Outlander-Musical-logoAmazon.co.uk… (which is the Amazon online store for the United Kingdom sales area.) Well, now here I’m just reporting, because I have no relations with Amazon.co.uk myself. I do have some correspondence with Amazon.com (the Amazon online store for the U.S.A.), and everything seems to be running very well there. However, Mike, the guy who handles the “OUTLANDER: The Musical CD” sales for the U.K., established an Amazon.co.uk account for it, but hasn’t had as much luck in coming to an agreement with them regarding price, or in having his other concerns addressed. So he’s asked me to let y’all know that he’s suspended that account for the time being, but that if any of you in the U.K. or Europe want CDs, you can get them here.

(Note from Diana’s Webmistress on February 28, 2018: “Outlander: The Musical” on CD is apparently no longer available for purchase as a new item. This musical production should not be confused with the Starz Outlander TV series.)

Oh! This isn’t really an availability issue, but fwiw, I was notified this morning that all my e-books are now available on google books. No idea whether this is a Good Thing or not <g>, but there they are.

This webpage was last updated on Wednesday, February 28, 2018, at 2:14 a.m. by Diana’s Webmistress.

Christmas Awakening

Goodness, already the 4th of December! I’m deeply impressed that I’ve so far managed to write, address, and actually mail twenty-six Christmas cards. (Mind, I only succeeded in doing this because I was nagged by the resident elf, who did the actual mailing, and needed the cards to insert in the boxes of dates that I send to the various publishers, editors, and other professional acquaintances around the world at Christmas time. (In which respect, may I recommend the Sphinx Date Ranch, who produce dates (and other dried fruits and nuts) that cause widespread slavering upon receipt from the UK to New Zealand, and who will in fact ship things for you, but we do it ourselves because of needing to stick hand-written cards and notes into the boxes.))

I’ve also bought presents for eleven children (aided in this process by the Dover Publications Company, which has the world’s biggest selection of Entertaining Coloring and Origami books)—none of them mine (mine are all old enough that they just want money…and the occasional iPad). This still leaves a horrifying amount of Stuff to be done (like the other 38 Christmas cards on the list), but it does give me a pleasant glow of accomplishment, since I don’t usually get this far this early.

It did make me think, though, that there must be others of you in the early stages of Christmas Awakening (that’s when you sit bolt upright in bed, crying out, “Oh, crap, I forgot my mother-in-law!”), and thus perhaps wanting useful gift suggestions.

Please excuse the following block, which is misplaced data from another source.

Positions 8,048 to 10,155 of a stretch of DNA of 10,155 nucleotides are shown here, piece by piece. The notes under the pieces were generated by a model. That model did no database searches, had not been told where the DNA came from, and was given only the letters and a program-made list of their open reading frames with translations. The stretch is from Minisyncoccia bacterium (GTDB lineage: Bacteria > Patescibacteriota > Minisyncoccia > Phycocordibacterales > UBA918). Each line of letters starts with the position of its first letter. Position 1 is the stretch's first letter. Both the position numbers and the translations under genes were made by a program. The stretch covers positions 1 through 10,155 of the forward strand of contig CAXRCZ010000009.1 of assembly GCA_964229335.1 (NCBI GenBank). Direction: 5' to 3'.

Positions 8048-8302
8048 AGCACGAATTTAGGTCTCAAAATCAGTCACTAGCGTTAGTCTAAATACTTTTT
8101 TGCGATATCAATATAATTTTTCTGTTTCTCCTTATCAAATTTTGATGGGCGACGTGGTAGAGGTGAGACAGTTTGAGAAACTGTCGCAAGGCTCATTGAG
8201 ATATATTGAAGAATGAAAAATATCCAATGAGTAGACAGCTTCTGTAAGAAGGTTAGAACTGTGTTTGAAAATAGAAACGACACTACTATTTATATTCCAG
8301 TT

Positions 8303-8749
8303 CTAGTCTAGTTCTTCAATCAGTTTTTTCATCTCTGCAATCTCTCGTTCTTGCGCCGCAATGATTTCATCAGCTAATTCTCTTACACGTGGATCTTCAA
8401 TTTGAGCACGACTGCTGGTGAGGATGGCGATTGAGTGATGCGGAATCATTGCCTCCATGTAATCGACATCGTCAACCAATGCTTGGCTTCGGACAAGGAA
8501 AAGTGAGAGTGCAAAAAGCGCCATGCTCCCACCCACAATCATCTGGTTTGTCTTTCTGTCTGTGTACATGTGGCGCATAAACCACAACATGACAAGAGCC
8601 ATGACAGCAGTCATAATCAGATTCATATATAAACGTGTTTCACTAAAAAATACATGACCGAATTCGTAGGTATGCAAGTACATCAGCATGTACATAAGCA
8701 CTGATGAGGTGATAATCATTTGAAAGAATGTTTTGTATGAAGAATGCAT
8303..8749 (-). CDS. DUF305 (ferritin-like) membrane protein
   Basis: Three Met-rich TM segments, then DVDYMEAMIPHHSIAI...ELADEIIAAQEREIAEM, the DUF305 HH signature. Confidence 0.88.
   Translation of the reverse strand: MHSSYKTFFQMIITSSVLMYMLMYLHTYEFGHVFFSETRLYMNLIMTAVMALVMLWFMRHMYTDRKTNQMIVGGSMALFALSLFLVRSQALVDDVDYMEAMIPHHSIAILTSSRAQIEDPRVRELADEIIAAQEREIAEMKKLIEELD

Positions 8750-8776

Just in case that’s the case [cough], I thought I might list a few Interesting Items for the OUTLANDER Fan on Your List. I thought of this, because I was just down at The Poisoned Pen, my local bookstore in Scottsdale, signing everything in sight, in preparation for their annual Christmas Shipping Frenzy. So I can assure you that they have

1. First-edition copies of THE EXILE, signed both by Yours Truly, and by Hoang Nguyen, the illustrator of that splendidly vivid volume,

2. Brand-new copies of the just-released anthology, SONGS OF LOVE AND DEATH, featuring a short story (by me) that tells the story of Roger MacKenzie’s parents, and solves one of the mysteries raised by AN ECHO IN THE BONE (and of which there is a brief excerpt, a few postings back in this blog). Also autographed by me.

3. OUTLANDER: The Musical CD’s (see www.outlanderthemusical.com for details and song samples), also signed by me (not that I had anything to do with the composing or singing, but the people who did are all in Scotland. Since I’m here and they aren’t, I signed the things on their behalf).

4. A selection (and a pretty random selection it is, too) of Foreign Editions of various of my books. Foreign publishers are required by contract to send me X copies of each of my books that they publish; in practice, this means sometimes they do, and sometimes they don’t. But when they do, they often send a lot of them.

The Pen said they had had an increasing number of inquiries from people about foreign editions—they ship worldwide—and would like to have whatever I had on hand, just in case. So the elf and I gathered up whatever we could lay hands on easily, and I took these down to the store, where I signed all of them. (I know there are several Really Entertaining-looking Finnish editions of AN ECHO IN THE BONE, and at least two full sets of the Spanish editions, from FORASTERA (OUTLANDER) up through VIENTO y CIENDRES (This is A BREATH OF SNOW AND ASHES, though the title really means “Wind and cinders”).)

Anyway, if any of these items sounds like a great stocking-stuffer (I recommend a really big stocking, if you’re drawn to the notion of the Finnish ECHO), you can get them either here, or by calling the Poisoned Pen at 480-947-2974 , or emailing them at patrick@poisonedpen.com (Patrick’s the manager).

(You would have to contact them, I’m afraid, to find out exactly which foreign editions they have, because I didn’t think to list them.)

I should add that I’ll be going back in there next week to sign all the new orders, so if you happen to want any of these things (or any of the OUTLANDER or Lord John books, for that matter—these are all available in hardcover, trade paperback, or mass-market (including ECHO, if you want the UK mass-market paperback, which has entertaining maps, biographical sketches of the main characters, and an excerpt from Book Eight in the back)) personalized or done with an inscription. (I only know four bits of Gaelic to put in people’s books, but one of these is “Nollaig Chridheil”—aka “Merry Christmas.” I only get to use that one at this time of year, so would be delighted at the opportunity.)

Oh–and I mustn’t forget The Old Wilmington Tea Company,

whose delightful “Lord John Grey” blend will warm the hands, if not the hearts, of recipients who don’t even read my books. [g]

Nollaigh Chridheil!

Canadian Giveaway of Signed EXILE – Today Only!